Daigle said he’d go to committee meetings and take notes.
“I remember watching the ‘Schoolhouse Rock’ explanatory cartoons in elementary school, but it was different being there firsthand,” he said. “It was very cool and exciting.”
Daigle also helped Gingery and his staff research and draft a new DUI bill while he was in Cheyenne. At the time the state was trying to clarify the processes of a DUI charge.
The former interns said their teachers made it easy to juggle schoolwork and participate fully in the internship experience.
“I think they saw the value in the program and the experience as being something unique, so they really did help,” Flanagan said. “Assignments would tie into us being down there.”
A big draw for the program at the time was the independence it offered stir-crazy seniors.
“It was a nice tie-in to going off to college,” Flanagan said. “You were pretty much responsible for yourself, and it definitely gave us our wings to experience what college would be like.”
Her sister agreed.
“I really enjoyed being able to work and live as an individual person but also still have a place to come home to,” Northrup said. “It was a nice taste of independent without the scariness.”
Northrup was planning on doing the program for only three weeks but liked it so much she decided to extend her term for the rest of the legislative session.
Her journeys across the state were unique. On the way home the first time Northrup rode with Robert “Captain Bob” Morris, a local politician and activist. On the way back for the remainder of her internship she flew on Gov. Mike Sullivan’s plane.
Not everyone continued with politics or government for the long-term, but all continued to dabble to some extent.
Daigle works for Teton County/Jackson Parks and Recreation as a senior maintenance technician for valley pathways. He said he’s not sure if he’s interested in politics in the future, but he feels prepared.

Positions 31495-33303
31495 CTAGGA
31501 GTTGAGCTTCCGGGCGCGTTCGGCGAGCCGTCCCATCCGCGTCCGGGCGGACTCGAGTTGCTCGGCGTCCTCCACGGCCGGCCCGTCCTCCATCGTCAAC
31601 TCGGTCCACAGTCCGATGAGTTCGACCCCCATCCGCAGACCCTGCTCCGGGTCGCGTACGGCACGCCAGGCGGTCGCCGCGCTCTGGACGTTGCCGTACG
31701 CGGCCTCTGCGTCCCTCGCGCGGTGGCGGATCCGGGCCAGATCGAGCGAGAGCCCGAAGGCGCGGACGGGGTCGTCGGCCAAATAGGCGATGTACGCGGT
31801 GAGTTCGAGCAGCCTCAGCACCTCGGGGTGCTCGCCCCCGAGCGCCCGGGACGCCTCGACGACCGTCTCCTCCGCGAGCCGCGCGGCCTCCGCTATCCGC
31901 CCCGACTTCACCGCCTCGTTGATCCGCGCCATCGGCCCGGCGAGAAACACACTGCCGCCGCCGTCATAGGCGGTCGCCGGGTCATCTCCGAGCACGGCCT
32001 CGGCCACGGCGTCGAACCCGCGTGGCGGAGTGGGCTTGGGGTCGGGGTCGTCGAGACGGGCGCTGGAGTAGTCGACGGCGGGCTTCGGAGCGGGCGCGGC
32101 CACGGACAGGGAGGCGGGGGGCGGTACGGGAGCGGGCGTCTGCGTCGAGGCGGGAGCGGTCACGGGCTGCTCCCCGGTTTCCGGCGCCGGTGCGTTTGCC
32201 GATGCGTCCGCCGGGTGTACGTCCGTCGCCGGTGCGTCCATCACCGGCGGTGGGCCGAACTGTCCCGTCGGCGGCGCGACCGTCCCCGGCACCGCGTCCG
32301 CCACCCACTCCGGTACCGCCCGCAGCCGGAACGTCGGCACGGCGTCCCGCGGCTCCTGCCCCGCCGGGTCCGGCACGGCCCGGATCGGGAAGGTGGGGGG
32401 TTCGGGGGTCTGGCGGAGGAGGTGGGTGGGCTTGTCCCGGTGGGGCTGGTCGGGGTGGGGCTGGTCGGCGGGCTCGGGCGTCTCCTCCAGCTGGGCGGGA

“The experience really opened my eyes to be able to eventually work in politics,” Daigle said. “Not that I would want to as a 24-year-old kid, but if the opportunity did arise to work in local government, I’d feel more confident in my abilities to do so now than before the program.”
Murdock chose to study political science and economics at Georgetown University in Washington, D.C. He said he thought about going into politics but instead chose to go to Africa “for just one year.”
After spending 19 years in Africa for an evangelical Christian humanitarian development organization, Murdock moved to Pinedale six years ago. He is part of the Wyoming Association of Municipalities Legislative Leadership Committee in addition to sitting on the City Council.
Flanagan has gone on to take leadership roles at the local level. She’s the head of the Rendezvous Parent Teacher Association and ran for a seat on the school board last fall.
Northrup’s first job after studying government in college was working for U.S. Sen. Alan Simpson in Washington, D.C.
“I thought that was what I wanted to do,” Northrup said. “But after living in D.C. and living and breathing it, I realized it probably wasn’t for me.
“Once I left I did miss it a lot,” she said. “We were right in the middle of everything. We were on the button of everything. Just the lifestyle and the pace of it wasn’t for me.”
Despite the switch from Washington, D.C., back to Wyoming, Northrup said her exposure to government at a young age helped influence her growth and development.
“The values and opinions of who I am today were formed then,” she said. “All of that started here at the local level, which is pretty cool.”
Northrup said her relationship with Law has persisted.
“She and I both entered the world of politics together,” Northrup said. “She didn’t know what she was doing and I didn’t know what I was doing.
“To this day, I still see Clarene, and she gives me hug,” she said. “It was special for both of us.”